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Re: Fwd: A sort of synthesis

From: Casey Jordan <casey.jordan@jorsek.com>
Date: Mon, 11 Mar 2013 15:53:58 -0400
Message-ID: <CAPAQPqfBQuiOnM0EBrtUM3NoMiCCJxkok4NjM1uw1Qogn0+FwQ@mail.gmail.com>
To: dennis.hamilton@acm.org
Cc: "public-change@w3.org" <public-change@w3.org>
Dennis you are correct in your assumptions about XPath, and while I think
Claudius is on the right track by using something like XPath, it would
probably make more sense to use a very constrained version of a "range" (IE
Two points in a document).

Take for instance this document:

<title><b>Hello</b> everyone!</title>


Given any tree structure we could represent a range in the with a pair of
locations (start, end) and offsets. The node would be indicated by a
position vector, and the offset by the caret placement in that node.

Consider indicating that someone selected and deleted "Hello everyone!".
The range would be:

(Start: [, 0], End [0.0.1, 10])

The x.x.x sequence indicates the nodes position in the document. IE: The
document element is at position 0. The title element is at position 0 with
respect to it's parent, and so on.

So [, 0] indicates that the start node is the "Hello" text node, and
the start position is at the beginning of the nodes character data (0).

[0.0.1, 10] indicates that the end node is the " everyone!" text node, and
the end position is at the end of the nodes character data (10)

This method is simple, throughout and could be easily standardized.

The only issue with externalizing information like this is you always need
to be able to understand how changes effects the addressing of these
elements. Since there is no unique id for each element, moving an element
would mean these addresses would need to be modified to represent the new
correct location. In a single user editing scenario (Only one user editing
at a time) this is simple.

In an collaborative environment this becomes very complex. Which is one of
the reasons PI's in the document are often chosen over this method.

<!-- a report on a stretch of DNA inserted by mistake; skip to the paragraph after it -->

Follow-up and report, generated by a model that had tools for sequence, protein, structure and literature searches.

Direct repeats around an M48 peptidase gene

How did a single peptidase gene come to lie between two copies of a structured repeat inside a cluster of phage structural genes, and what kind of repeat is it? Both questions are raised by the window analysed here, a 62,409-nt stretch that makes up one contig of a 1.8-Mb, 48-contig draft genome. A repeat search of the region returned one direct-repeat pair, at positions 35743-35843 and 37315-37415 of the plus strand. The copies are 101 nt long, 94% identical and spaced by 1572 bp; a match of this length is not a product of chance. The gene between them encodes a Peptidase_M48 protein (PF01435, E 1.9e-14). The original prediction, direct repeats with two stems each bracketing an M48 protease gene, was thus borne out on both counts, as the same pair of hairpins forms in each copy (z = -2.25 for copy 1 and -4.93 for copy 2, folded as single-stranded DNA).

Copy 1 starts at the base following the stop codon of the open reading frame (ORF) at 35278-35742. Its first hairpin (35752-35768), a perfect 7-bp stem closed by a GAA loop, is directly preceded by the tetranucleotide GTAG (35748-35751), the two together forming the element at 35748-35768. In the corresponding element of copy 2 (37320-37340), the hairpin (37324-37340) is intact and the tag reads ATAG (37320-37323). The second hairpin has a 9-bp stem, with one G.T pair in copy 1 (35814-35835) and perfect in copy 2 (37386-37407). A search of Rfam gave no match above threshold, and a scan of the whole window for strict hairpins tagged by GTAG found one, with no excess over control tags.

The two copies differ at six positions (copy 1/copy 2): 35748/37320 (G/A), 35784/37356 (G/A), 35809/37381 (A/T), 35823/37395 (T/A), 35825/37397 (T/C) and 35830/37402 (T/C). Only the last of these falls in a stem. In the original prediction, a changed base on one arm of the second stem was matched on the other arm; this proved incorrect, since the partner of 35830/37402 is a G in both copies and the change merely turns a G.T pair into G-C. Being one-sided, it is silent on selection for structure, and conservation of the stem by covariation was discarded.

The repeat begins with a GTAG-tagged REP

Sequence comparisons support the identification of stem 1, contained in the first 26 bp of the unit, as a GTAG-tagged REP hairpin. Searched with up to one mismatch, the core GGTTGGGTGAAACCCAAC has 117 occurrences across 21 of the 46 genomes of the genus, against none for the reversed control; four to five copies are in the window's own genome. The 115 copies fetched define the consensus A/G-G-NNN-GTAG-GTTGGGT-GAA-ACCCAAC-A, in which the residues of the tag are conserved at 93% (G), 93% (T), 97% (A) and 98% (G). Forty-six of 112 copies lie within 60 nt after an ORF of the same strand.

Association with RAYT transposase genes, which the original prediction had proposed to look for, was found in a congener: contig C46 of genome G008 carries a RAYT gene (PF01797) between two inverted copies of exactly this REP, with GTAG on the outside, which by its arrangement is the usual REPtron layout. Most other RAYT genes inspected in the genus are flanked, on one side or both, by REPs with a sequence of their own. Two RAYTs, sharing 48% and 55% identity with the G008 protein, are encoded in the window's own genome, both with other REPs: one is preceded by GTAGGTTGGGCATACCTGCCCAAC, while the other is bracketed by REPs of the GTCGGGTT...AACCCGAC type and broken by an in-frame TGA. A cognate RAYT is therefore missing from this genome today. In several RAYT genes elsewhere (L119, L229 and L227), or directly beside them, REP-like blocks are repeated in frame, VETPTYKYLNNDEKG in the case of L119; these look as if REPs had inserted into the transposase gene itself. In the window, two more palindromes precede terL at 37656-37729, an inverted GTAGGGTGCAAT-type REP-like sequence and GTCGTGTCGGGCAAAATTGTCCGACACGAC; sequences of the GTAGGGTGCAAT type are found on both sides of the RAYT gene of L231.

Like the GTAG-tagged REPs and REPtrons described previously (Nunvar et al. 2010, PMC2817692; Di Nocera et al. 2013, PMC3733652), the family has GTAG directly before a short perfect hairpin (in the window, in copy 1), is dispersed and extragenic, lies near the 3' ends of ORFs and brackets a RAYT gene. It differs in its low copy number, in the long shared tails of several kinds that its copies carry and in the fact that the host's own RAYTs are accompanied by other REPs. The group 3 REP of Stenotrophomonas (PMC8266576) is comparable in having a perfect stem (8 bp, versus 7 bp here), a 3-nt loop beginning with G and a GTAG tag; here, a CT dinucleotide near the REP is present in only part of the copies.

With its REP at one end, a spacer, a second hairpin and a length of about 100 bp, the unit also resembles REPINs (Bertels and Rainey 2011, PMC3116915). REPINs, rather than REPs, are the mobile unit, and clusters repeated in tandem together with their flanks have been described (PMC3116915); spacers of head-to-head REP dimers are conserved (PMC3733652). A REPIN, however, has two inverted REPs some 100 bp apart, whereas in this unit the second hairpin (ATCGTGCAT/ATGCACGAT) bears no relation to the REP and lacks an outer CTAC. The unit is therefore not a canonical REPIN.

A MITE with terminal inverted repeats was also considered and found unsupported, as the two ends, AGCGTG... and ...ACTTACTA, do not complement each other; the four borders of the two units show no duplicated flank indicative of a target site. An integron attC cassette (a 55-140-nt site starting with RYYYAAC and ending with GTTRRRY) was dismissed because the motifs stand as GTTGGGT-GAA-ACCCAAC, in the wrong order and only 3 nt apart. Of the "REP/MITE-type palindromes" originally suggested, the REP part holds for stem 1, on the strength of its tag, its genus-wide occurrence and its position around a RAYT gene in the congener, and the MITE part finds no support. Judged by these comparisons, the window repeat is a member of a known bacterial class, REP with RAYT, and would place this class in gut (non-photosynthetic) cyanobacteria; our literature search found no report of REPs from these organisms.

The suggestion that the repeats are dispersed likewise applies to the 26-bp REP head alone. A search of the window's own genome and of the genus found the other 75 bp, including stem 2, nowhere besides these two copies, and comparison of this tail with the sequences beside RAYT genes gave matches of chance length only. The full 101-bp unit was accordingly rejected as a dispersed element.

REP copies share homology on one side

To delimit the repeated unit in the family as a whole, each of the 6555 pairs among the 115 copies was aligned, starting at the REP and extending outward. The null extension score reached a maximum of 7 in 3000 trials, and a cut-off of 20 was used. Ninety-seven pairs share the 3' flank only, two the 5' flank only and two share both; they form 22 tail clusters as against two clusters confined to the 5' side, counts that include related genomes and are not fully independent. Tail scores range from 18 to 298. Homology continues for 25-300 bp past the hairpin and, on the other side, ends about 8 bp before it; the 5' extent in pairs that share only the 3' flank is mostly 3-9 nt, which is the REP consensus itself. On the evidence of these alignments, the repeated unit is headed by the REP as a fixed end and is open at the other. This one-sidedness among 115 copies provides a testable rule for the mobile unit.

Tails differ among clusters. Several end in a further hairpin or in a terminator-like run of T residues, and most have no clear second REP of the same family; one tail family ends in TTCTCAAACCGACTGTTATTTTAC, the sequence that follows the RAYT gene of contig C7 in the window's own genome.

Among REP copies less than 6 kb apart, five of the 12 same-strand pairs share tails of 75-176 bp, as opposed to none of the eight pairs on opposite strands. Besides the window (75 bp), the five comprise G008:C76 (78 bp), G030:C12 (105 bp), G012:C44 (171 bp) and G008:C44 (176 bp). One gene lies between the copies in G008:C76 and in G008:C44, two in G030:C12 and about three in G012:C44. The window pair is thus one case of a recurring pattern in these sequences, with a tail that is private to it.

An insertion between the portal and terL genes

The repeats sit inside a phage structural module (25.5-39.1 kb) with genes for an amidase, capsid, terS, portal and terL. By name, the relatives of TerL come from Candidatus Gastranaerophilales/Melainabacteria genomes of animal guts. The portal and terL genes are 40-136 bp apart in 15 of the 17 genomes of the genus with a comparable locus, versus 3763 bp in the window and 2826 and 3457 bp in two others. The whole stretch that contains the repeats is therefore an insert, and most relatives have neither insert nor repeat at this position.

On Mon, Mar 11, 2013 at 2:42 PM, Dennis E. Hamilton <dennis.hamilton@acm.org
> wrote:

> I suspect that XPath works for pure XML change-tracking, although I have a
> question.
> I am not conversant enough with XPath to see whether it can isolate a
> point *within* a text node.  My superficial examination of XPath 1.0/2.0
> suggests that there is no path expression into the interior of a text node.
>  Is that considered a problem here, or is there a well-known way of
> addressing that?
>  - Dennis
> PS:
> One reason for external tracking, if I wasn't clear about it, is to
> preserve any DSig on the original.  The combination might then be signed by
> the source of the changes and this can be recursive.  The downside is that
> one can't have the default interpretation of the document, ignoring the
> external changes, be the form that is seen with all changes accepted.
>  (Think about a contract offer and its
> back-and-forth markup.  Another case would be turnaround documents that
> are rendered as forms, but the form itself is immutable [signed] and the
> field entries are handled in a manner akin to changes.  There's a special
> case of this last case in how Microsoft Office projects visible signature
> images onto signature-block fields of digitally-signed OOXML documents.)
> The use case of concern for me, along with the above consideration, is for
> documents whose models are such that a perceived change effectively severs
> (cross-cuts) elements in the underlying XML, splicing parts from different
> elements into single ones across the scar where the severed pieces come
> together.  (There is a comparable insertion case.)  I don't expect that to
> be an use case for this project; I'm watching for anything that might be
> adaptable for that, though.  XPath might still serve in such elaborate
> cases.
>  - Dennis
> -----Original Message-----
> From: Claudius Teodorescu [mailto:claudius.teodorescu@gmail.com]
> Sent: Monday, March 11, 2013 09:20
> To: Randall Leeds
> Cc: liam@w3.org; dennis.hamilton@acm.org; public-change@w3.org
> Subject: Re: Fwd: A sort of synthesis
> A good representation of changes can be in or out of the respective
> document.
> For out case, doesn't seem to pose so many difficulties.
> As to the inside XML document case ... what if we can design something we
> can call "change tracking instructions", in order to graciously store
> metadata about changes inside the document?
> Claudius
> P. S. For Dennis E. Hamilton: I would specify the tracked changes by using
> XPath.
> [ ... ]

Casey Jordan
easyDITA a product of Jorsek LLC
"CaseyDJordan" on LinkedIn, Twitter & Facebook
(585) 348 7399

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Received on Monday, 11 March 2013 19:54:26 UTC

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